“I think they will hit it off with Kade and Ari and that’s important to me,” Stiteler said. “I have room for two or three more opportunities – three retail or two restaurants. We’re fielding so many good offers. I’ll continue to be patient.”

Moir, Widmark and Stiteler each sought more of a partnership than an absentee landlord-tenant relationship.

“Scott just blew away every other landlord I considered.” Widmark said. “I wanted a landlord who had a vision, who wanted to make something happen, and who saw me as a partner in bringing that to life. He sent folks up to Flagstaff to check us out. We did our homework on him, and most importantly we spent time together, hammering out details and getting to know each other.”

Moir and Widmark have entirely separate business operations in Flagstaff, on neighboring streets, in fact. Here in Tucson, Proper and Diablo will be distinct and separate, too, in the same building. But Moir and Widmark are close friends, pretty much a team, communicating by phone, text or in person on most days.

Moir was Widmark’s mentor when the latter was scheming opening a hamburger joint sourced with open-range, grass-fed beef from the Diablo Trust’s Flying M and Bar T Bar ranches near Canyon Diablo, 40 miles east of Flagstaff.

Paul and Laura Moir had already opened Brix in 2006 after moving to Flagstaff the year before from Denver. Widmark was an early customer.

“He came in and sat at the bar and we struck up a conversation,” Moir remembered. “He told me this idea about a burger concept. I helped him pull his plan together. I worked with him a little at Diablo.”

Paul Moir had culinary training at Johnson & Wales University in Denver, and both Paul and Linda have first-level sommelier certificates. Widmark had done marketing at Diablo Trust and before that did film and advertising work in New York. Diablo Burger was his first exposure to the restaurant business.

“Paul had had Brix open for 3 years and could have been cold and competitive and told me to figure stuff out for myself,” Widmark said. “Instead, he was welcoming and supportive and always there for me when I needed help, which was a lot.”

Even though Moir took the lead with Tucson and helped Widmark get Diablo going, Moir views Widmark as an equal.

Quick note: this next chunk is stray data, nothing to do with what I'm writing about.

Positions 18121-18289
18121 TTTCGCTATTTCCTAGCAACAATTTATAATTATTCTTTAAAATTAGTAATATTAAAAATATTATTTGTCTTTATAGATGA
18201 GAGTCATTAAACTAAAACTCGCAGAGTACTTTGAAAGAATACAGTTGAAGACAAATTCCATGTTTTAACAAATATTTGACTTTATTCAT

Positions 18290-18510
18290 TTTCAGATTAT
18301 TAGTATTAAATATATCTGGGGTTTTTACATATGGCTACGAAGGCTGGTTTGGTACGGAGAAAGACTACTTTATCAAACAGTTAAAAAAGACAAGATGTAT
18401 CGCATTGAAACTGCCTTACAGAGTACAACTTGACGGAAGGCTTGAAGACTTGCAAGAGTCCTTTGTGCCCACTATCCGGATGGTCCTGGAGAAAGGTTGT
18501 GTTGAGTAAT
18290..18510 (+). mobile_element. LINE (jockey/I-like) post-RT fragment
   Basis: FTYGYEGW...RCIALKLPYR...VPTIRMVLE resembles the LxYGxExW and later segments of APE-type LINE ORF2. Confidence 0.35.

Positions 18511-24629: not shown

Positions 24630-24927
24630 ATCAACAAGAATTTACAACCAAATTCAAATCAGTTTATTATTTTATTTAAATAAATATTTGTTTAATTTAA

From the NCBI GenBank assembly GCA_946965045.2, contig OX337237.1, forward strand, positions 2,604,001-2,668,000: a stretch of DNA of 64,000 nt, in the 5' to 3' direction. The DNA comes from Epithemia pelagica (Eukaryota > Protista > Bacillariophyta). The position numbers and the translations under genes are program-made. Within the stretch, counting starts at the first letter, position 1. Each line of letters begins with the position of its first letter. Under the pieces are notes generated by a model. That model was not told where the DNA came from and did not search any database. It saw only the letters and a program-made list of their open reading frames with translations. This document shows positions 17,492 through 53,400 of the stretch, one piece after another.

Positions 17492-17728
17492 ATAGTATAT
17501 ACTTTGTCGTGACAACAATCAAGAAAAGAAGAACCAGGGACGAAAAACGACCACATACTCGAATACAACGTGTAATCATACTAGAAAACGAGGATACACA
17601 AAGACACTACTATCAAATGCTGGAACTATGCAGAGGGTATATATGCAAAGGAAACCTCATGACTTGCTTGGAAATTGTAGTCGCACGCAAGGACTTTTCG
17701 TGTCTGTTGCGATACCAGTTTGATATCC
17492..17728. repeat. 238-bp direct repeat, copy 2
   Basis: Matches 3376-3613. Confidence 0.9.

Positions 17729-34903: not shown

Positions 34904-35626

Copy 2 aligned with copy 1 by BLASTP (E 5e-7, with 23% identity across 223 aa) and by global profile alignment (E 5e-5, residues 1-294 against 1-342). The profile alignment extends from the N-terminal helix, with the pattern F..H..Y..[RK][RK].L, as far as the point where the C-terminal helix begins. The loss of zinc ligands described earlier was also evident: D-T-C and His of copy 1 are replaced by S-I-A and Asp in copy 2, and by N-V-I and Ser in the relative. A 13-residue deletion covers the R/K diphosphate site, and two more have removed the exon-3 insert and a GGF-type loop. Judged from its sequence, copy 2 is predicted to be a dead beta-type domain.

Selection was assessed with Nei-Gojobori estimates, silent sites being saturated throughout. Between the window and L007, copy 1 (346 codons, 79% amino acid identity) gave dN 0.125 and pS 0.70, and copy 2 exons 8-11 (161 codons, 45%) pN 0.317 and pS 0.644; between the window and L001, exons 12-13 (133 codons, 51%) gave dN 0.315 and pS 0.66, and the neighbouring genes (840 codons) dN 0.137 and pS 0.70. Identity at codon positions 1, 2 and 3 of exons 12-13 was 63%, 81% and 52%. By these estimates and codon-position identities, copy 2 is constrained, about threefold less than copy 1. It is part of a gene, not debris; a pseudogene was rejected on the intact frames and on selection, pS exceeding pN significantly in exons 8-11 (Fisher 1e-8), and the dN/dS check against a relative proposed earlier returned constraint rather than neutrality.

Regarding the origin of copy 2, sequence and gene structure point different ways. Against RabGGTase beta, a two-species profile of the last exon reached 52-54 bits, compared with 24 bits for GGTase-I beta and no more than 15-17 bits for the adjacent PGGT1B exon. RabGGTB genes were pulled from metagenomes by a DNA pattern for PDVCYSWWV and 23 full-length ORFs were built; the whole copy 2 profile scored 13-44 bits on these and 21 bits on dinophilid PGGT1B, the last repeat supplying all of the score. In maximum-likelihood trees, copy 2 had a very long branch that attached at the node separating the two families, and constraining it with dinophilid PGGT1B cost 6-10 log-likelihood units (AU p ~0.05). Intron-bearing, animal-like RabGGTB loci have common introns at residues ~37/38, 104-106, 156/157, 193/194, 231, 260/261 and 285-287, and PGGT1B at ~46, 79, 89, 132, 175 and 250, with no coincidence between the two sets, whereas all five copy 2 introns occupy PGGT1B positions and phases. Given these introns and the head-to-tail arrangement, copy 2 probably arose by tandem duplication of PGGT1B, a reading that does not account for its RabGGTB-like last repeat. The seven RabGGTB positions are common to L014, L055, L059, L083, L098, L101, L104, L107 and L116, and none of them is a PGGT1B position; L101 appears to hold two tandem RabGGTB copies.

“We have each other’s backs in both locations,” Moir said. “During construction, I trust him to make decisions on my behalf (when Moir is not in Tucson).”

Proper will be a hybrid of Moir’s Brix and Criollo. Proper will have full meals but his heart leans heavily to the “small plates and shared plates” concept that will be new to Proper.

“What we serve is properly portioned plates,” Moir said.

The name Proper was inspired by a British friend who lives in Colorado and occasionally visits Flagstaff and stops by Moir’s restaurant.

“He always regards our food as being proper,” Moir said. “It’s really simple, straightforward food, good ingredients.”

Diablo Burger serves hamburgers on an English muffin branded with a DB.

“The idea behind the English Muffin is to keep the focus on the beef and on that great, clean grass-fed beef flavor,” Widmark said. “Most burgers come on buns that are even bigger than the burger itself, and you actually get that big, stuffed feeling in large part from the bread.”

Widmark will likely use the same beef in Tucson as he does in Flagstaff at first, but he’s been talking to University of Arizona ethno-botanist and local food movement guru Gary Nabhan to find Southern Arizona ranches to supply beef for Tucson.

Paul and Linda Moir both know Tucson well. Linda grew up here and graduated from Sahuaro High School and the University of Arizona. Paul lived in Tucson for five years 20 years ago.

“When I lived in Tucson in the early 1990s, Downtown was not a place you went,” Paul Moir recalled. “It certainly wasn’t a dining destination. When I drove down there the first time now, my jaw dropped. I was really impressed.”